Hiding Data in Executables: Stego and Polymorphism
So far in this chapter, we have focused on Trojan horses that masquerade some sort of remote control or command shell backdoor, but that's not the full extent of what Trojan horse techniques could disguise. Beyond hidden executables for remotely taking over a system, attackers could embed hidden messages inside programs. The program looks like a nice, happy executable, but in fact contains a hidden message. Therefore, this executable fits our definition of a Trojan horse, and also acts as a covert channel for communication.
The art and science of hiding messages is called steganography, from the Greek words for hidden writing. Steganography is often referred to as stego for short. To get a feel for its use, consider this scenario. Suppose a military general wants to send the message "Attack at dawn" to another general without their mutual adversary knowing about their communication. Of course, they could just encrypt the message so the adversary wouldn't know for sure whether the message says "Attack at dawn" or "Gee, you smell funny." Still, by analyzing the traf-fic between the two generals and seeing the encrypted message sent across the network, the adversary could figure out that something significant is afoot. Traditional cryptography mathematically transforms the message so the adversary cannot read its contents, but can still see that some form of information is being exchanged. Steganography conceals the message so that the adversary doesn't even know that there is data being exchanged in the first place. Of course, clever generals would use steganography to hide a message and cryptography to transform the message just in case it is discovered. Detecting and eliminating all such covert communication is an extremely difficult endeavor.
Steganographic techniques have been used for thousands of years. However, in the field of computer science, they've really gotten a lot more attention in just the last few years. Typical computer steganogra-phy techniques hide information in pictures, such as BMP, JPEG, or GIF files. Other techniques hide information in sound files, such as MP3, WAV, or other formats. However, newer techniques stash information inside of computer executable programs without altering the program's function or size.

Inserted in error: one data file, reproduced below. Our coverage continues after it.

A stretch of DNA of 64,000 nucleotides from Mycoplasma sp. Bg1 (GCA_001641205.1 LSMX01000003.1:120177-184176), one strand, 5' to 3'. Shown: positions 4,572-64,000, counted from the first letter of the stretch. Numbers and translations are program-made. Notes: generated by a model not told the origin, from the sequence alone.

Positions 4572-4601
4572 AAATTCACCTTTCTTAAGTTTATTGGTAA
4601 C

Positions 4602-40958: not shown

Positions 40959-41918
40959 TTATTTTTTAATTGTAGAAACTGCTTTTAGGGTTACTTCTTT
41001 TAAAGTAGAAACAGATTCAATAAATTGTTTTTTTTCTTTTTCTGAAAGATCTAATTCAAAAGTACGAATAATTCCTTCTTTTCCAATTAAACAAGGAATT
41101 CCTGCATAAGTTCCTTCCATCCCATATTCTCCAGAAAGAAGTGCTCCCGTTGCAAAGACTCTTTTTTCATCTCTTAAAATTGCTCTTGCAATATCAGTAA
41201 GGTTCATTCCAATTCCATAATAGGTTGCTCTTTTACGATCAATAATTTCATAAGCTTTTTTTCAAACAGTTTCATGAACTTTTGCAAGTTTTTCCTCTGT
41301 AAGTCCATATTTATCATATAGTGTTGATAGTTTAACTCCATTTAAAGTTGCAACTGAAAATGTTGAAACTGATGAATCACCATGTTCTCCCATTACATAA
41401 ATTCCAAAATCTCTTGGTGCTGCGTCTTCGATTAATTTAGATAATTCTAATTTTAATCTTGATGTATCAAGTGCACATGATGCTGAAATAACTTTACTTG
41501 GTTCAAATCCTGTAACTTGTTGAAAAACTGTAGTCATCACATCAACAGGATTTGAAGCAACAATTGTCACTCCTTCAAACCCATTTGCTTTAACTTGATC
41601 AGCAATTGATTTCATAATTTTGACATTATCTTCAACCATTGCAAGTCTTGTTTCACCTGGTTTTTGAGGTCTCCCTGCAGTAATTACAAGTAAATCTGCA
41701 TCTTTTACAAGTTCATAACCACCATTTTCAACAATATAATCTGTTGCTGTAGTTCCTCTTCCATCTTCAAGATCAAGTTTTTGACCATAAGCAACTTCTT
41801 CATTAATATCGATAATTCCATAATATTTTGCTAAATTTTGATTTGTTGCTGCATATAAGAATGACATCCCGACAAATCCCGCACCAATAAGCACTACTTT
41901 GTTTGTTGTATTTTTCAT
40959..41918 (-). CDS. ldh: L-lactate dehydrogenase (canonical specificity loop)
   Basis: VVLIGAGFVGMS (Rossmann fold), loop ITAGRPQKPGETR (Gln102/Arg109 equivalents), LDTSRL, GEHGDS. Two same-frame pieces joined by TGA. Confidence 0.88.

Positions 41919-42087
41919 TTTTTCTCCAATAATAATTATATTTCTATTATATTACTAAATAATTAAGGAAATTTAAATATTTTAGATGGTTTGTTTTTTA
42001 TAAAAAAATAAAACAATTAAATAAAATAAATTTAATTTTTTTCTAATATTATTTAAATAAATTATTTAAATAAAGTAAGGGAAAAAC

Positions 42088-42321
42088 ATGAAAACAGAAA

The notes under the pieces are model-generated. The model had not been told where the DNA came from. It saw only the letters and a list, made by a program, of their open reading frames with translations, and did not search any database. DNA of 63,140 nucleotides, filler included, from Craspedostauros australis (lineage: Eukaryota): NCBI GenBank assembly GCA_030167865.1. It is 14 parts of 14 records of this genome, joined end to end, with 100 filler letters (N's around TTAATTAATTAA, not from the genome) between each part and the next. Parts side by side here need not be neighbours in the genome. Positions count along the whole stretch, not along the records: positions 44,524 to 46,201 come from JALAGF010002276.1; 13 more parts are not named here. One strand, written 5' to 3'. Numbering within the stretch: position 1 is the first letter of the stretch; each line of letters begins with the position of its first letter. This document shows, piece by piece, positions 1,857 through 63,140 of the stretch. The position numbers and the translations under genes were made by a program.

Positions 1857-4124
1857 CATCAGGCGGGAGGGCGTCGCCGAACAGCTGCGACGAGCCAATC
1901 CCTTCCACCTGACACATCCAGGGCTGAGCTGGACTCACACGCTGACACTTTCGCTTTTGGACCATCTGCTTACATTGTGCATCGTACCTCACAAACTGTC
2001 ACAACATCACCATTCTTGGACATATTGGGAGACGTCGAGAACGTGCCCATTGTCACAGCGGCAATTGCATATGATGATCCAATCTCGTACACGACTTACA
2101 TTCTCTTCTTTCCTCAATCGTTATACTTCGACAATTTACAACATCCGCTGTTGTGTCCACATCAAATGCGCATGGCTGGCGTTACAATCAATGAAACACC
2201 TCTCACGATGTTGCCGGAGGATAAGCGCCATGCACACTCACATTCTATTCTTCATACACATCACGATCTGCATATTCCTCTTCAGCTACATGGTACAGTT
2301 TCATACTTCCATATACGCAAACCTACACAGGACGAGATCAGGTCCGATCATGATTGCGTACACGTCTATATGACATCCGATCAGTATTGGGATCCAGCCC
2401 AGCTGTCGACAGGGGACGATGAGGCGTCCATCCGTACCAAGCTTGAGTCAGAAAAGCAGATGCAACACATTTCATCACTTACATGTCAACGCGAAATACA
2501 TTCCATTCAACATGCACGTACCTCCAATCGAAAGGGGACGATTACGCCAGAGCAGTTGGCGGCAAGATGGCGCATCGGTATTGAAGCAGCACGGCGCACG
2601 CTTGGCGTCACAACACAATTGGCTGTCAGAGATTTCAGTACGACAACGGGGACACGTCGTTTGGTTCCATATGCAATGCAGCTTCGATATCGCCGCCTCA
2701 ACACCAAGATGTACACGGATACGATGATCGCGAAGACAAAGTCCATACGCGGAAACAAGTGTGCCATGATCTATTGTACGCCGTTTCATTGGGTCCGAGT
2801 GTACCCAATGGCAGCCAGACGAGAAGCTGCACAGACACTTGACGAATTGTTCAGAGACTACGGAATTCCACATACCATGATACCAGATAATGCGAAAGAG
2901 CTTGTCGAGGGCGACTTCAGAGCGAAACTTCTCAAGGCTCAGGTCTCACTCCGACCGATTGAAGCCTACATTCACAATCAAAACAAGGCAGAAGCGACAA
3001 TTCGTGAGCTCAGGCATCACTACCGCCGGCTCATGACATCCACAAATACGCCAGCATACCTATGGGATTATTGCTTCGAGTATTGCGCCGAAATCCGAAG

Hydan and Executable Steganography
In February 2003, Rakan El-Khalil released a program called Hydan to stash messages inside of executable programs written for x86 processors, such as Intel's or AMD's popular chips. The tool stores hidden information inside of executables for the Linux, Windows XP, NetBSD, FreeBSD, and OpenBSD operating systems. Available at http://www.crazy-boy.com/hydan, Hydan implements this steganography by using polymorphic coding techniques. There's that fancy-sounding word again: polymorphic. We saw it before in Chapter 2 associated with viruses, and in Chapter 3 on worms. Remember, polymorphic code simply means that you can have multiple different pieces of computer code that all do the exact same thing. By carefully selecting certain variations of that functionally equivalent code, we can transmit a message in the executable. In other words, there's more than one way to skin a cat, and Hydan embeds messages by selecting specific cat-skinning techniques. Figure 6.10 illustrates how Hydan works.
The process starts with an executable program, such as a word processor, backdoor, or operating system command. Really, any x86 executable will do. Hydan's not too picky. Hydan also needs some secret information to hide, such as a message, a picture, some other executable code, or anything else. The user feeds both the executable and the secret information into the Hydan tool. Hydan prompts the user, asking for a passphrase that can be used to encrypt the message before the stego process ensues. Hydan first encrypts the message with the blowfish encryption algorithm using this passphrase as an encryption key.
Hydan then works its magic by embedding the encrypted secret information inside the executable program. For this embedding, Hydan defines two different sets of CPU instructions that have exactly the same function, Set 0 and Set 1. For example, when you add two numbers, you can use the add or subtract instructions. You could add X and
Figure 6.10 How Hydan embeds data using polymorphic coding techniques.